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It looks like every race is going to be contested.  I don’t know the issues, nor even most of the candidates.  Anybody want to provide some insight?

From the AVA.

A COUPLE OF NEW NAMES (to us, anyway) appear on the current list of people who have filed candidacy papers for Mendo County Supervisor. We knew that First District Supervisor Carre Brown was retiring so it’s not surprising that three people have filed to replace her: John Sakowicz, James Green and Jon Kennedy, all three of whom list their residence as Ukiah. In the Second District seat that John McCowen currently holds we find Ukiah City Councilwoman Maureen Mulheren (insurance agent) and realtor Joel Soinila, but not — so far — incumbent John McCowen. (The filing deadline is December 6, but it’s interesting that McCowen hasn’t already filed.) And in the Fourth District we have incumbent Dan Gjerde opposed by Fort Bragg City Councilman Lindy Peters and MendocinoTV’s Terrance Vaughn.

Republicans are scrambling for a narrative here, but if they actually manage to out the whistleblower on the basis that he or she isn’t actually a whistleblower, that will probably explode in their faces if McGuire’s testimony as to the whistleblower’s credibility (and the credibility of his or her facts) is accurate.  And why wouldn’t it be?  Careful what you wish for!

And then there a bunch of weird defenses of Trump which are varying slightly from the talking points he ordered them to take last week.  This one in particular cracks me up.

Sen. John Kennedy (R-La.) compared Trump’s conduct to a police officer who beats up a suspect while arresting them.

“This is the way I analyze this … I look at this like a guy robs a bank and on the way to jail the cops beat the bejesus out of him.” Kennedy said. “Should cops beat the bejesus out of suspects? No. Should it be investigated? Yes. But you can’t ignore the alleged bank robbery either.”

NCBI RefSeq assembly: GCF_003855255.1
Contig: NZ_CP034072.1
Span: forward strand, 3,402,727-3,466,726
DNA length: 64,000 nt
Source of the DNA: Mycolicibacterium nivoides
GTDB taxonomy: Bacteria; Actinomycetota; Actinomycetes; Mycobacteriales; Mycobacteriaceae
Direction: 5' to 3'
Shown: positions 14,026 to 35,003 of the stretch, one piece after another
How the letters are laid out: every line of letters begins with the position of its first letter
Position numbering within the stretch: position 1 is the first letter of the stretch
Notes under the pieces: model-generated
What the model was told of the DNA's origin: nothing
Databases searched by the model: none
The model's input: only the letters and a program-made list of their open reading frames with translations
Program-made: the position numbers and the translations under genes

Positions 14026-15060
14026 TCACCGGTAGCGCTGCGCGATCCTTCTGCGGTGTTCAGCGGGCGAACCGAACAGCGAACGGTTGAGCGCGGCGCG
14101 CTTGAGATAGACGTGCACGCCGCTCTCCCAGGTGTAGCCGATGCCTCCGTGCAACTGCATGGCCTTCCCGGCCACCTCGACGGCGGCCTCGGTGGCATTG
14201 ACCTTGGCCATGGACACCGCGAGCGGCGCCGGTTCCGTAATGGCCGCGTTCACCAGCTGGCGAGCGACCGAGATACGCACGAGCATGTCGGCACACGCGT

But this is the essence of what you’ll be hearing all week long from Republicans.

A White House aide accidentally sent a copy of its talking point for Republican lawmakers to Democratic offices on Wednesday.

The document argued that Trump made no quid-pro-quo request to Zelensky and discussed Biden only after Zelensky initiated the conversation about corruption-related issues.

The talking points also shifted scrutiny to the whistleblower by arguing the “real scandal” was that Trump’s confidential conversation with a foreign leader was leaked to the press.

The document reflected Johnson’s argument that it was proper for Trump to ask a foreign leader to investigate any connection between his country and attempted interference in the 2016 election.

Republicans strategists acknowledge their prospects in the 2020 election, when control of the Senate as well as the White House and House will be up for grabs, are closely tied to Trump’s.

 

So this is what the Constitution says on impeachment:

he House of Representatives … shall have the sole Power of Impeachment.

— Article I, Section 2, Clause 5

The Senate shall have the sole Power to try all Impeachments. When sitting for that Purpose, they shall be on Oath or Affirmation. When the President of the United States is tried, the Chief Justice shall preside: And no Person shall be convicted without the Concurrence of two-thirds of the Members present.